Why It Pays for Homebuilders to Work With Their Toughest Customers

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Homebuilders should address tough customer issues before they turn into PR nightmares.

July 01, 2008
Sidebars:
Cardis' Tips
Who's In Your SWAT Team?

A lot has been said about customer experience management and how builders can reap the biggest return on their investment. The issue came up following a recent Ontario Homebuilders' Association event, where one prominent consultant argued that home builders should not focus on satisfying their toughest customers. Instead, she argued, builders should devote their resources to making happy customers happier. Her rationale was that it's too difficult to turn disgruntled home buyers into loyal advocates and more fruitful to turn moderately happy customers into ecstatic ones.

While this simplistic view is rational, it ignores the positive impact strategic service recovery can have on the bottom line. The truth is, home building is a local business, and it doesn't take much to tarnish one's reputation in a way that kills future sales. A customer management strategy that addresses only moderately happy customers is not just ill-advised, it's dangerous to a builder's long-term success. Clearly, builders should focus their service efforts on the areas of greatest opportunity, but they also must have a process for dealing with those severely dissatisfied customers who can create a public relations nightmare.

How about Sprint Nextel, which last summer began dropping thousands of its cell phone subscribers who apparently complained too much? According to Sprint Nextel's own press release, 2008 first quarter revenues declined 9 percent compared with the same period a year ago, and declined 6 percent from the fourth quarter of 2007. "The declines are mainly due to lower average service revenue per customer and fewer post-paid subscribers," the company states.

On average, builders can expect 7.5 percent of its customers to make a negative referral. That's why I have always been a staunch advocate of stabilizing your toughest customers. At the same time, I recognize the value in appealing to your happier customers, too. The truth is, you need to strategically do both!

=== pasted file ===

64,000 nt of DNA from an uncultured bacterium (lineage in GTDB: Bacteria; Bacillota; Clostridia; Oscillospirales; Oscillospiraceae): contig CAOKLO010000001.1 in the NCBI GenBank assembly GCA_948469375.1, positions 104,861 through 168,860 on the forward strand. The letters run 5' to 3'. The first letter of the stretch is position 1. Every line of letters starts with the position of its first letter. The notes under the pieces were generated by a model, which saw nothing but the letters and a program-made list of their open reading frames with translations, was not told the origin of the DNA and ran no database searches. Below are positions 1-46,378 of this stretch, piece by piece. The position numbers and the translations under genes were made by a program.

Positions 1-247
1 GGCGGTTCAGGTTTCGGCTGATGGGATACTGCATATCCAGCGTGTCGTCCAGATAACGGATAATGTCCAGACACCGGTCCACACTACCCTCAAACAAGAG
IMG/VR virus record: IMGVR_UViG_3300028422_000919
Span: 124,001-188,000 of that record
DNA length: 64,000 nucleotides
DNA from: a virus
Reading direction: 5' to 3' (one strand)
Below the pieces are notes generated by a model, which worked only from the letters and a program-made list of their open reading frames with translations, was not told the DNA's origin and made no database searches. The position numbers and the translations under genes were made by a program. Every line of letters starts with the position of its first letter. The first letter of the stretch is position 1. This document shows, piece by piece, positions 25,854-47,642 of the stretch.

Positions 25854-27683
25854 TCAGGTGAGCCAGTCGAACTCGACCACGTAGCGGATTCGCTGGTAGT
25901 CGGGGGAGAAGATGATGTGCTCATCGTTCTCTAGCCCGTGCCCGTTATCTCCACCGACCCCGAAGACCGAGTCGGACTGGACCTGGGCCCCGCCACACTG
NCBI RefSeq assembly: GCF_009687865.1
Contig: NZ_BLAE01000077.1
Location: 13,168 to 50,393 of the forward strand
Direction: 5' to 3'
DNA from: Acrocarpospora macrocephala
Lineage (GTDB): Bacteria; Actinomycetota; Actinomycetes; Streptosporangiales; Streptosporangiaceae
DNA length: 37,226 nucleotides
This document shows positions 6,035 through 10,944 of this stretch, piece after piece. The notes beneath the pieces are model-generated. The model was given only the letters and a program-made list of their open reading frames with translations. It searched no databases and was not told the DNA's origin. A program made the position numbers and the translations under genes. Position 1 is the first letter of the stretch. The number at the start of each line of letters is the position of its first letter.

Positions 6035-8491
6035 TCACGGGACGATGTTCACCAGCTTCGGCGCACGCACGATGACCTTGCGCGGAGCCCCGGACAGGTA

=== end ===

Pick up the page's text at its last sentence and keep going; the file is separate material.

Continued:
Go the SWAT Route

The best way to deal with tough customers is to establish a SWAT team, a group of employees that works with buyers to peacefully resolve problems. (Visit HousingZone.com and search for "Builder SWAT Team" for more on this concept).

No builder can turn around every disgruntled customer. But at the very least you should stabilize the situation. It still pays to care for your least satisfied customers. Leading builders who take a holistic customer approach have been able to reduce their percentage of hostile customers to less than 1 percent, while the rest of the industry hovers at 7.5 percent. The fact is, working with your toughest customers can yield tremendous return on investment.

To ignore hostile customers, however, is disastrous advice and anyone recommending this strategy is misguided. Don't let them put your company in harms way.


Author Information
Paul Cardis is CEO of Avid Ratings, a research and consulting firm specializing in customer satisfaction for the home-building industry. You can reach him at paul.cardis@avidratings.com.

 

Cardis' Tips

Focus individual efforts on all customers — not just the happiest.

Reserve the SWAT Team for your least satisfied customers, strategically targeting the potentially hostile ones.

Resolve problems proactively before they require SWAT intervention.


Hear the folks from Avid Ratings talk more about SWAT teams this fall at the Professional Builder Benchmark and Avid Leadership Conference, Oct. 5–7, in Phoenix. For more information, visit www.probuilder.com/benchmark.


Who's In Your SWAT Team?

Builder SWAT teams deal with sensitive situations that can touch all aspects of your company. Make sure to include a project superintendent/builder, warranty representative and executive from the main office. Having top-level staff involved shows disgruntled buyers you're serious about solving their problem. Plus, these managers have pull to quickly enact solutions.

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